Tuesday, September 18, 2012

My money is all right, you will be relieved to hear. I wasn’t really worried (for once – I’m good at worrying), but it is disconcerting when one’s old familiar credit card is refused especially when one knows one is nowhere near a limit. It had to be checked out.

I got the new card up and running with an automatic freephone telephone call. It is a replacement for the old one, not a supplement for it, as I eventually suspected – they might have told me. I then acquired a PIN for it with a different freephone call. I didn't have one before, and that will be useful. I was clumsier at that, and needed help. I then set it up in PayPal and Amazon One-Click. I’m ready to spend again. I bought Zadie Smith’s new “NW” for the Kindle app, just to see if I could.

This took up most of yesterday morning.

And in the evening I leapt forward with the mitered jacket. The bottom band is grafted to itself, rather successfully if I do say so. Stitches have been picked up. I have started knitting upwards, incorporating stitches from the front bands at the end of every row. I did the arithmetic involving the row gauge of st st as compared to garter st – the calculation which determines how often I have to grab two stitches from the front band instead of one.

I had kept the swatch for my husband’s v-neck vest, also madelinetosh DK, complete with a note of the needle size used for it. How’s that for efficient? So I used that for the calculating.

Today’s knitting should reveal whether I have done it right.

(The knitting is around the back of the jacket, and scarcely visible in this picture.) It was all rather difficult because the garter stitch strip seemed enormous and it wasn’t easy to keep track of which was meant to be the right side or even to be sure that one wasn’t grafting it into a moebius strip. But I think we’re all right.

I believe it will need to taper a bit – there may have to be some decreases before the underarm. Or maybe not. But I think I can knit peacefully at least for today without worrying about that.

Thinking about the future, it occurred to me yesterday that if I want one-row stripes I could knit them into a vest for myself. I am messy, and I spend a lot of time, perforce, in the kitchen. My usual winter costume is a cosy hand-knit vest under a succession of cotton sweatshirts which go happily into the wash.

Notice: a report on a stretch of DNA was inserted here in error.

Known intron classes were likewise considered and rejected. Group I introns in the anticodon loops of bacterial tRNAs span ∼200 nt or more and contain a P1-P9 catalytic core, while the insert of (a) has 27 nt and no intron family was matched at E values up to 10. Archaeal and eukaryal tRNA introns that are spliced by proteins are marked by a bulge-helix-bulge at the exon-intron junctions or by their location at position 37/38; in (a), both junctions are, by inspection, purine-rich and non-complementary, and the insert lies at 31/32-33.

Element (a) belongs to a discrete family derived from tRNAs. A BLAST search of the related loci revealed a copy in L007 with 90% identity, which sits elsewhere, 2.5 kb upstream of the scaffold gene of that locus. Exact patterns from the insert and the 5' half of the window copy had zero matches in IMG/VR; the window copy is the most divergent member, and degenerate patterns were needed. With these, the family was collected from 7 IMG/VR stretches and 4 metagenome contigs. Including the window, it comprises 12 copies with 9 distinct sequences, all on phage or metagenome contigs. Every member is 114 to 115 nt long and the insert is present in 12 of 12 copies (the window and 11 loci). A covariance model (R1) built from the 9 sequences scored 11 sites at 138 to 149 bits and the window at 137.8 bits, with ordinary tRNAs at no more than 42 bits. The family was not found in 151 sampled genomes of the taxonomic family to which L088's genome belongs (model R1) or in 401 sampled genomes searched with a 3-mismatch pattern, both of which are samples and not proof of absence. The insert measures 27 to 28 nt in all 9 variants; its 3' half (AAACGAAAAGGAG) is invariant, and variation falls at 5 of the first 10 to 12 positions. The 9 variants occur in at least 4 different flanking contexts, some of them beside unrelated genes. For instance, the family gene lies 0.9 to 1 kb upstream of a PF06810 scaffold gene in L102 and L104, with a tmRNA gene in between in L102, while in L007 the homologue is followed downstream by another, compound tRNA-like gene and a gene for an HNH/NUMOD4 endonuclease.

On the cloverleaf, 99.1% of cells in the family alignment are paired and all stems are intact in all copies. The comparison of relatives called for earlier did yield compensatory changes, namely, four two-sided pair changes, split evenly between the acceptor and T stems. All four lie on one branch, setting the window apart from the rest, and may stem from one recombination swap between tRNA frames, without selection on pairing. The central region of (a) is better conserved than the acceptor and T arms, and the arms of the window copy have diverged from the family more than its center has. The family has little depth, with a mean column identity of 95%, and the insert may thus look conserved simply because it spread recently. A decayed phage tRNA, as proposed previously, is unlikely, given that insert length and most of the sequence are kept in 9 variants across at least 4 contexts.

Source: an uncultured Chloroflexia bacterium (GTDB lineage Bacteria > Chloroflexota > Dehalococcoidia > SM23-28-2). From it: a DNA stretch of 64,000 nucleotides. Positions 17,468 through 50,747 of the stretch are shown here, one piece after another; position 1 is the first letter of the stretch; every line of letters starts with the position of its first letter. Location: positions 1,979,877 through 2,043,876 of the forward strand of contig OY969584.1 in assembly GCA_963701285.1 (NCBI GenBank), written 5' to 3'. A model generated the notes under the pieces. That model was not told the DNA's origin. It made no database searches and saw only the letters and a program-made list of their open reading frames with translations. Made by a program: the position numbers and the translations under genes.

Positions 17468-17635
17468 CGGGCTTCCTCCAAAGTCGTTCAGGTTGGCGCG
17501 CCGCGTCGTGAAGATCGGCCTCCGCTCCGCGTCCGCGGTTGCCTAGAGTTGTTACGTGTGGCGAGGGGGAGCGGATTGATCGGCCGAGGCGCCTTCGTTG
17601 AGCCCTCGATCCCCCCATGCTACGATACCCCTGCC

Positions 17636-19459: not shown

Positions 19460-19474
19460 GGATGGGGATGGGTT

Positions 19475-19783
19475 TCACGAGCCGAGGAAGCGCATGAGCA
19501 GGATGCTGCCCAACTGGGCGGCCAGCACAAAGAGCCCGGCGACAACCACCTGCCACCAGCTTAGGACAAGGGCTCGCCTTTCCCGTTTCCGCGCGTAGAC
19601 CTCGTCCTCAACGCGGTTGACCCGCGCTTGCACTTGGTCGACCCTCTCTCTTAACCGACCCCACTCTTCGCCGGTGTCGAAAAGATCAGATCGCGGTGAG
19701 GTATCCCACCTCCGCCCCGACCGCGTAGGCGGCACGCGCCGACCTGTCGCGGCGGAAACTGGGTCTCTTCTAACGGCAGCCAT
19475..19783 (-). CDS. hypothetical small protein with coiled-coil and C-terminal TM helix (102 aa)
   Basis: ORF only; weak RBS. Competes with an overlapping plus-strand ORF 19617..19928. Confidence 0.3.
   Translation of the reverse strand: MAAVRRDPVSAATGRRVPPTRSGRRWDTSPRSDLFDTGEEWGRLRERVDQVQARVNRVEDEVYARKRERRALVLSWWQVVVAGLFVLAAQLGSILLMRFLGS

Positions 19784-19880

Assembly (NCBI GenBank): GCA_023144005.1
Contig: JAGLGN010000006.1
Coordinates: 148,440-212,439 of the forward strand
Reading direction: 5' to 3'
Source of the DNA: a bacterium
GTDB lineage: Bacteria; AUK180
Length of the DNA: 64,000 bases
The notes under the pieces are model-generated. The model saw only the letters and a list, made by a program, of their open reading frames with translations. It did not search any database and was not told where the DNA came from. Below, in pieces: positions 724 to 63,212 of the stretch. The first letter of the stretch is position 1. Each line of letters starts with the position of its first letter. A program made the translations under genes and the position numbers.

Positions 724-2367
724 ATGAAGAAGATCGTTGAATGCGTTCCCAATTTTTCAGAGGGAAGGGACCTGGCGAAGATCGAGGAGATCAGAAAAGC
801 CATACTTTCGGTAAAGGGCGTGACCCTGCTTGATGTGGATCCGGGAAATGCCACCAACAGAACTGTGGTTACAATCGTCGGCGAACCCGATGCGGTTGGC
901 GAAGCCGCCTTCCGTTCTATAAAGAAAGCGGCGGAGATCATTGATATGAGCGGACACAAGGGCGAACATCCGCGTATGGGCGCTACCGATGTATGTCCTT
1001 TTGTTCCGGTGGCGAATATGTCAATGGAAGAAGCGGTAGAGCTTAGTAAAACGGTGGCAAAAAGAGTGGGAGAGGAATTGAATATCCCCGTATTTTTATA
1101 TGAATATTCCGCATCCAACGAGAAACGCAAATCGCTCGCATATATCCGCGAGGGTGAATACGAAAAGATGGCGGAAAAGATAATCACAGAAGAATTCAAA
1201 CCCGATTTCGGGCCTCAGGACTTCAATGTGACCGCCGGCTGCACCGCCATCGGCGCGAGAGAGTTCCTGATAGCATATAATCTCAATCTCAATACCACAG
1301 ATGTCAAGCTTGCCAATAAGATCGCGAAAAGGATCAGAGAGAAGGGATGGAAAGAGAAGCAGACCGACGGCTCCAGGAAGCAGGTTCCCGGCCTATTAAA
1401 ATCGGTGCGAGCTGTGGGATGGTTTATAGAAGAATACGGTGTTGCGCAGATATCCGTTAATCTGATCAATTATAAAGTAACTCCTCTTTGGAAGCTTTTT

So that Unspun Icelandic Overblouse, whether in st st or garter, wouldn’t entirely work for me. Unless I took it to Strathardle and just let it get dirty. A possibility.

But I could devise a one-row-stripe vest pattern, I think, without too much difficulty. I could even do it the Kirigami way, with vertical stripes knit sideways on a dp needle down to the underarm, and horizontal stripes knit circularly below. I’ll give it some thought.

Marcella, thank you for the offer of finding and translating that Bergere de France pattern for me. It’s pattern 179.46 (snappy title) from the magazine Origin’ 4. But for the moment, at least, I am laying that thought aside in favour of one-row stripes of madelinetosh sock yarn. Apart from the expense, moths absolutely love cashmere.


  1. Congratulations on successfully navigating anything to do with banks and phones! I truly admire you!

  2. eadaoine11:32 AM

    When I swatch I leave an extra long cast on or cast off tail. I then put as many knots in the tail as the size needle I used. (Size 4 needles, 4 knots) That way there are no scraps of paper to get separated from the swatch. And the saved swatch can be undone and used for mending if necessary.

  3. Oh my 'eadaoine', that is so simple but genius.

  4. Oh I just had a twinge of envy and a blush of shame over that swatch mention. When will I learn to take the minute to record needle size. I recently took out a swatch I had even washed and dried to be sure of gauge. Of course that we sover a year ago and I have no idea what size needle I used. The stitch gauge is perfect, though.

  5. Hester from Atlanta4:27 PM

    When I swatch with the smaller yarns, up to heavy worsted or size 11 needles size, I usually make the swatch at least 4 inches wide, (and 4 inches long) with a few garter stitches on each side to make the swatch lie flat. Then on the knit side, I make enough (yarn over, k2 tog) stitches, for the size of the needle, ending up with 6 holes for a size 6 needle. This is in stockinette stitch. Then wash it, etc. This works very well for me. Of course, it doesn't say what kind of yarn or where I got it, but at least I can easily tell what size needle is used!

  6. I always learn something new when I read this blog and comments. Great tips, eadaoine and Hester from Atlanta!

  7. Anonymous3:05 PM

    These are such useful ideas for swatch making. If only I did it. Could this be why my sweaters never fit? Or could it be that I have Body-size Denial Syndrome?

    Beverly in NJ